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To put away masks, adopt proof of vaccination
COVID-19 hits home.
Steve had a great point this morning. He and his family have all had COVID-19 and he and his wife are both vaccinated. There really is no good reason for the two of them to have to wear masks as they go about their business in Atlanta. Their odds of getting infected with COVID again or spreading the virus to anyone else are extremely low. So why are the Bermans being subjected to a universal mask mandate once again?
The answer is that we have no good way to determine who has survived COVID and/or been vaccinated and who is simply running around without a mask despite being unvaccinated. The key to getting things back to normal in a world of the Delta variant is going to be telling the difference between the people who are doing the right thing with respect to vaccinations and the people who would be hiding a zombie bite if this were a zombie apocalypse movie. I know people who are unvaccinated but who are running around like they are invincible and I’m sure you do too.
Like everything else related to this pandemic, the phrase “vaccine passport” has taken on political implications. In the past, most of us haven’t had a problem with the use of vaccination records for school, work, travel, or military service, but now, thanks to conspiracy theories and the sinister rebranding of vaccination records as “passports,” it’s suddenly an issue of personal rights. This is wrong on two counts.
First, as I described a while back, the Supreme Court has upheld mandatory vaccinations and recent lower court rulings have affirmed the authority of organizations to require vaccines. It would be legal to mandate the vaccine and it is legal to limit the public actions of those who refuse to be vaccinated.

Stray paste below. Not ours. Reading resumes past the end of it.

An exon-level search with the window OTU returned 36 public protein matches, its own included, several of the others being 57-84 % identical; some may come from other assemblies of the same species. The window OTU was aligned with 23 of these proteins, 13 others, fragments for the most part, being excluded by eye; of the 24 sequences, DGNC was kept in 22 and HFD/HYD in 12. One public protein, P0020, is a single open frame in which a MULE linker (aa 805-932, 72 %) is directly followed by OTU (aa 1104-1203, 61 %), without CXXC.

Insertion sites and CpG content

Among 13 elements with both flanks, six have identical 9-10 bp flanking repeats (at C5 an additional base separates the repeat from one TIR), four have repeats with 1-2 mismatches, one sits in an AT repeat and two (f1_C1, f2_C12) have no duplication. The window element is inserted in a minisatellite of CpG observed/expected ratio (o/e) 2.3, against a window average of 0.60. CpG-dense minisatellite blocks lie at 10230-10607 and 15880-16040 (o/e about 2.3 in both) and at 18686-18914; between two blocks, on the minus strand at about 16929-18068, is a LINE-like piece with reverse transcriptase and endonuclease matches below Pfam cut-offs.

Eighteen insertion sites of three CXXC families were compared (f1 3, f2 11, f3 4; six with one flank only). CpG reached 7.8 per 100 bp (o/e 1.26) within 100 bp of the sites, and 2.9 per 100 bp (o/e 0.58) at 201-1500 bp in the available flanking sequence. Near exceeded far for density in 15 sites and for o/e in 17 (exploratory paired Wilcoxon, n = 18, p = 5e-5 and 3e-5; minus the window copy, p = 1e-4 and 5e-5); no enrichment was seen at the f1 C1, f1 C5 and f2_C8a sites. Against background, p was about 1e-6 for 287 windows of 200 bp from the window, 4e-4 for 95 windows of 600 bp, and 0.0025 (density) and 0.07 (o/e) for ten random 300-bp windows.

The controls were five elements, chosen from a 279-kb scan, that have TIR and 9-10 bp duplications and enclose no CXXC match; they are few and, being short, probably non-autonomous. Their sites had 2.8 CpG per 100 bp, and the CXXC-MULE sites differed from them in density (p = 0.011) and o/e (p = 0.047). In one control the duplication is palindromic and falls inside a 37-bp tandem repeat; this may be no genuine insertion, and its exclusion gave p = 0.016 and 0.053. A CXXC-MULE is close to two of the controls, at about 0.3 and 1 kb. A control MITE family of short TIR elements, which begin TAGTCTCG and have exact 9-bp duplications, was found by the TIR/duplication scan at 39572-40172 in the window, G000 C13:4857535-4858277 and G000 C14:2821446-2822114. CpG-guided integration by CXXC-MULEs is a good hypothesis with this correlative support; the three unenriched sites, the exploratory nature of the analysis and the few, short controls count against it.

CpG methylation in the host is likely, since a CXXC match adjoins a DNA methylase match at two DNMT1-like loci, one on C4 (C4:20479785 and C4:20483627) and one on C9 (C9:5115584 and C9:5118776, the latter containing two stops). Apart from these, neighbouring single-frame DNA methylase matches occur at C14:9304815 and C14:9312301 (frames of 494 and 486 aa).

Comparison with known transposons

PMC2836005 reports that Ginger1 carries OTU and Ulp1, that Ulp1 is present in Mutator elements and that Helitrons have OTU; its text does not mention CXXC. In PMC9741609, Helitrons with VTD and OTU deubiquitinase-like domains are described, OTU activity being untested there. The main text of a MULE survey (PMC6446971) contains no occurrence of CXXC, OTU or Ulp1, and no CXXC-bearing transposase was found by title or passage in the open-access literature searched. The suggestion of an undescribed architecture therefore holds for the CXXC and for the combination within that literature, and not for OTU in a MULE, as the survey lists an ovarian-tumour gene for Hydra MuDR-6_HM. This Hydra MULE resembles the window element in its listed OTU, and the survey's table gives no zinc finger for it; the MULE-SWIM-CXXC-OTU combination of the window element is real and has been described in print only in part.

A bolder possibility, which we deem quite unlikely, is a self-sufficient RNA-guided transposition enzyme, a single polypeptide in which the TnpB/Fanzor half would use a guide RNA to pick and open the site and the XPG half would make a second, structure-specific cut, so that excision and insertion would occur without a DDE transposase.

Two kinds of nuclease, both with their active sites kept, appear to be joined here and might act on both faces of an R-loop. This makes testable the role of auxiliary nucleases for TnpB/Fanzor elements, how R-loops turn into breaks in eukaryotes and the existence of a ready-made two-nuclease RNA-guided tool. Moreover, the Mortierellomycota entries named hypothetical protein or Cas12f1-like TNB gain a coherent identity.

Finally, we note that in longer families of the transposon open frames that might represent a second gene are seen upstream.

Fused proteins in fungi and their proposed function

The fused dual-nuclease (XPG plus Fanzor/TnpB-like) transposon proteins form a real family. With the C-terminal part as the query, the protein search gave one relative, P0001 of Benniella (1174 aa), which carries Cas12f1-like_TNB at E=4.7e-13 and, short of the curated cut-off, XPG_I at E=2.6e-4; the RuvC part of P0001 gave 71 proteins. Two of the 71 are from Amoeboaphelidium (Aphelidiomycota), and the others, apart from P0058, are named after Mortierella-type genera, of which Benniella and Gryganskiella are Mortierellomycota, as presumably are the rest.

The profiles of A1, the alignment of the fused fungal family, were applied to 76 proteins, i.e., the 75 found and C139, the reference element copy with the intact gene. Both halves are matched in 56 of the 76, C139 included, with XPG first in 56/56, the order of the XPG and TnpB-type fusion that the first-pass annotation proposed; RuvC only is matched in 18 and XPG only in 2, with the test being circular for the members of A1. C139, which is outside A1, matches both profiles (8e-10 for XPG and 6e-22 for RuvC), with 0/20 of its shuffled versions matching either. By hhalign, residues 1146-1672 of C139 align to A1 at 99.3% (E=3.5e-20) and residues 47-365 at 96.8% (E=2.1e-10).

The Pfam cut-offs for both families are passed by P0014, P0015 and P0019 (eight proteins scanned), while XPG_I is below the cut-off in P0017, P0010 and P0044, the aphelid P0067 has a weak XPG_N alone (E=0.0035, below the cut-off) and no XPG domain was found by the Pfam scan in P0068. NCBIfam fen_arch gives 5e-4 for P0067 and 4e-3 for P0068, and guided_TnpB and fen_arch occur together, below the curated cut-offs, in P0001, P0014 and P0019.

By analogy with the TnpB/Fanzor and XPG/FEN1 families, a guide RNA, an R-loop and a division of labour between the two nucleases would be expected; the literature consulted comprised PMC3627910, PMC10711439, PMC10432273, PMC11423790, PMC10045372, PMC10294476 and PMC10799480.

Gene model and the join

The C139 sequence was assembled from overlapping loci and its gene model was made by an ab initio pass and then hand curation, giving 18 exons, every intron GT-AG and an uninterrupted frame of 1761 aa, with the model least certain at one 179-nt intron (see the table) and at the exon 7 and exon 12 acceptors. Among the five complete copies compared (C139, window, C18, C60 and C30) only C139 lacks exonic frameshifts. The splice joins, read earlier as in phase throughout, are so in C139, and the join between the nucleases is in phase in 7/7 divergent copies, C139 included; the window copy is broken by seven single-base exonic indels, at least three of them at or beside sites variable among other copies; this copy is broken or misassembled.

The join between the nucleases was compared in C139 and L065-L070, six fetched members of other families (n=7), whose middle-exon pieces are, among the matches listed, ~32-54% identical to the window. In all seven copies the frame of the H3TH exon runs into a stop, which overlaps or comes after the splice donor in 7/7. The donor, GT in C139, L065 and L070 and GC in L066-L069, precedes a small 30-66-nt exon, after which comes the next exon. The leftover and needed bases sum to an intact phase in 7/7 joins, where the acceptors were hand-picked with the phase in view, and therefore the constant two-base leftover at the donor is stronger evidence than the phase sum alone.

Second, at this point, you do have a right not to get a COVID vaccine, but you don’t have the right to escape the consequences of refusing to be vaccinated. There’s nothing new about this. Even before the pandemic, if you didn’t get your shots, you couldn’t enroll in school, travel to certain destinations, or hold certain jobs. Decisions have consequences.
This is not new. If you look closely at the picture that accompanies this article, you’ll see that it is a polio vaccination certificate from 1963 rather than a 2021 COVID vaccination card. Polio vaccines were mandated in the 1950s and you would have had to show a card like this to enroll in school.
All this matters because it is the unvaccinated who are driving the current stage of the pandemic. Statistics show that the most serious COVID cases and deaths in the US are now almost exclusively among the unvaccinated.
Even though the vaccines are less effective at preventing infection by the Delta variant than they were against previous strains, they still help to reduce the chance of infection as well as to help prevent a serious illness in the case of a breakthrough infection. Further, vaccines seem to greatly reduce the chances of spreading the disease to others in a breakthrough infection, although this seems to be lessened in the case of Delta as well.